FACE TO FACE

Ernesto Ferlenghi:

Pour your heart intodoing business in Russia

“Our objective is to convince Italians that, in spite of the sanctions, the drop in oil prices and ruble devaluation, you can and should continue to work in Russia. You have to learn to adapt to the new conditions, study the market and analyze it,” said Ernesto FERLENGHI, President of Confindustria Russia, an association of Italian companies operating in Russia, in an interview with Capital Ideas.

Mr. Ferlenghi, what is the state of trade and economic relations between Italy and Russia?

You know, I’ll put it this way: our relations have always been good, which isn’t surprising considering that they were established over half a century ago. The first long-term agreement between Italy and the former USSR was signed back in the late 1950s. It was an energy agreement. At the time, Moscow started to supply us with gas from Siberia, and then we built the famous Fiat factory in Togliatti. There are so many examples of our strong trade and economic ties!

What is the reason behind these good relations?

The national character of both peoples. We have a lot more in common than might appear at first glance. We are similar in terms of how we think, as well as in terms of our attitudes toward work. Much like Russians, Italians tend to not make straightforward decisions that only benefit one side. In my opinion, the problem with most Europeans is that they adamantly refuse to understand that Russia is a European country, much like all the other states on the continent. And it is a country with tremendous intellectual potential. I have a degree in physics, so for me this is an axiom. I have always regarded your scientists and engineers, who were on the front lines of space exploration, as gods.

Yes, it seems that Europe never really understood Russia that well. Right now relations between Russia and Europe aren’t so great. I am talking about the economic sanctions against Moscow...

I’ll confess, I always think to myself: I hope they get rid of these sanctions soon, which would be best for both Russia and Europe. However, in some ways they’ve been a blessing in disguise. The sanctions helped Russia to wake up, so to speak. After they were introduced, the country started to think: “Why do we always have to depend on others - on foreign technology, for example? Let’s develop our own, joint technologies.” That is, clever people in Russia and in Europe understood that, since one door closed, it was time to open another one. It wasn’t so long ago that we signed a long-term agreement to this effect with the Russian Ministry of Industry and Commerce. In essence, the agreement is about localizing Italian enterprises that work on the development of new technologies.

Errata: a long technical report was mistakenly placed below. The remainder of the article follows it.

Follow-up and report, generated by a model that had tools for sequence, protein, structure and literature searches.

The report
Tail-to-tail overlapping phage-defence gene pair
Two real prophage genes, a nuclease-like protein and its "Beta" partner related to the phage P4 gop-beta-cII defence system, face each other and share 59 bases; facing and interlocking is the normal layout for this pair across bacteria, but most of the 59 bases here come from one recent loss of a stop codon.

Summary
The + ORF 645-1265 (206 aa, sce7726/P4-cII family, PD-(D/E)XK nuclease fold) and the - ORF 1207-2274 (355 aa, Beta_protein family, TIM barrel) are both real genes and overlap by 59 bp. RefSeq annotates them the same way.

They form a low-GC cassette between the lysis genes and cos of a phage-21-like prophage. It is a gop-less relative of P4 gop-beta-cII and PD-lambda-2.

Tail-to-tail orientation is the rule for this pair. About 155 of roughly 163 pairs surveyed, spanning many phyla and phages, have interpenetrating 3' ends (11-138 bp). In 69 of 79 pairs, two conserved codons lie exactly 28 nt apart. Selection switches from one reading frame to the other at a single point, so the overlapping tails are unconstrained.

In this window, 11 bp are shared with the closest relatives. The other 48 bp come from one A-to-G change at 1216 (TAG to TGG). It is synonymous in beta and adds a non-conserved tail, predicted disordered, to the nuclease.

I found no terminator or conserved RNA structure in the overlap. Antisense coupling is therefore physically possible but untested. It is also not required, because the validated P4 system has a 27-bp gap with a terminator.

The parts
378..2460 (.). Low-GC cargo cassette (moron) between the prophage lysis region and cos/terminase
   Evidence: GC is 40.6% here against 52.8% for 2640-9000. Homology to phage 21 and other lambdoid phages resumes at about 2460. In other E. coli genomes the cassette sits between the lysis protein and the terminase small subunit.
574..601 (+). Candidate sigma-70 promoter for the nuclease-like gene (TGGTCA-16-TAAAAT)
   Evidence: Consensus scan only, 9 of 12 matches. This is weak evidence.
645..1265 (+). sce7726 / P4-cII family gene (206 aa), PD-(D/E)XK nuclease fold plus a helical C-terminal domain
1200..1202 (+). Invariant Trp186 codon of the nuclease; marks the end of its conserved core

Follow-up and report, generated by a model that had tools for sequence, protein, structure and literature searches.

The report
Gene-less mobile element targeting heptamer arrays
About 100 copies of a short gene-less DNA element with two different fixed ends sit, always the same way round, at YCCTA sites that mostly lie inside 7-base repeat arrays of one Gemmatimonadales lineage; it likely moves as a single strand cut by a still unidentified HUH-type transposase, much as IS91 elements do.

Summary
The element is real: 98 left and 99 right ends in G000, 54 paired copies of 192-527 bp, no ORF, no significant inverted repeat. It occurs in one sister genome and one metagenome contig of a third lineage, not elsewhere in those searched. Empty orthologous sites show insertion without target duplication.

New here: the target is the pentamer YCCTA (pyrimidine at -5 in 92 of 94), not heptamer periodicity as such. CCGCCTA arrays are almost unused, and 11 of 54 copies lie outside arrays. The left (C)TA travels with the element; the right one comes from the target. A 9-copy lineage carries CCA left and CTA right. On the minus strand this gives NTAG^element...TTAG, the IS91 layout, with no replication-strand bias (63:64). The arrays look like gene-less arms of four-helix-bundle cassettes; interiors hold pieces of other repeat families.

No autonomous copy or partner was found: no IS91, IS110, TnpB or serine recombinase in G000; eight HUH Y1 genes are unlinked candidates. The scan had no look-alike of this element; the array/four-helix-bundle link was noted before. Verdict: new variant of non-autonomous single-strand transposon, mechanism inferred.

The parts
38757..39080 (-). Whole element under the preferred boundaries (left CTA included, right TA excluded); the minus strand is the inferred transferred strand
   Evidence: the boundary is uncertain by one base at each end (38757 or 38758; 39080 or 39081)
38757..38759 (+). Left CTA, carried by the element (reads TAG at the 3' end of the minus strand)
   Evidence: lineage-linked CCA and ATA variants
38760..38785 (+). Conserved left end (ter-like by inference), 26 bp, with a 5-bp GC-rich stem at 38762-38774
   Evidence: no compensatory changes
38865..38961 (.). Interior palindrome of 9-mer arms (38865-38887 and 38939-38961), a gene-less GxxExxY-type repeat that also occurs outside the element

But where do you find potential partners and how do you bring them together?

That is precisely the objective of Confindustria Russia, which I founded a year and a half ago. The association already includes 150,000 different Italian companies that want to do business in Russia. I’ll also point out that the Confindustria network brings together 98 percent of industrial enterprises in Italy.

It’s important to note that when we talk about localization, about joint ventures, we aren’t talking about huge investment amounts. And I am confident that these kinds of joint ventures will be very competitive. In a nutshell, our objective is to convince Italians that, in spite of the sanctions, the drop in oil prices and ruble devaluation, you can and should continue to work in Russia. You have to learn to adapt to the new conditions, study the market and analyze it. You know, there are Italian companies that have been selling their products in Russia for the past 30 years, but were confused when they encountered the recent changes on the market. We have to explain to them that there are a lot of positive aspects to what happened. For example, there are now tax benefits such as exemptions from the VAT for a period of 6 years. But you can only take advantage of this if you come to Russia now instead of spending the next 5-7 years considering all the pros and cons and stepping aside to make way for the German, French or the Chinese, who move very quickly because they have a well-developed systemic approach here.

I’ll say it again, it is important to wise up and come here in order to create joint enterprises or open companies here that will take part in ruble tenders. It is important to learn how to think in rubles, to train your staff and to move forward - from Russia to Kazakhstan, for example, to Belarus, Armenia and so on.

In your opinion, what sectors of the economy are the most appealing for Italian businessmen and investors in Russia?

Before anything else, engineering. This sector accounts for almost 40 percent of exports from Italy to Russia.

So far as I understand, Confindustria Russia is like a guide, right? It helps Italian businessmen and investors who aren’t familiar with Russia figure out what to do here? Could you tell us what Italians think when they hear the word “Russia”?

Nothing negative. Italians have always loved Russian culture, read Dostoyevsky and respected Russia. On the other hand, I must admit that our media these days unfortunately publishes a lot of materials that don’t portray your country in the best light. The majority of people believe the media. People who aren’t all that culturally aware can’t tell what’s true and what isn’t. Of course, this isn’t the case for educated Italians who are able to think critically about what they read. Obviously, we educate people at Confindustria, but from a business perspective. Over the past few days, we put together a list of about 30 Italian pharmaceutical companies that produce medicine and equipment. We selected companies that have an interest in localization and establishing joint ventures in Russia.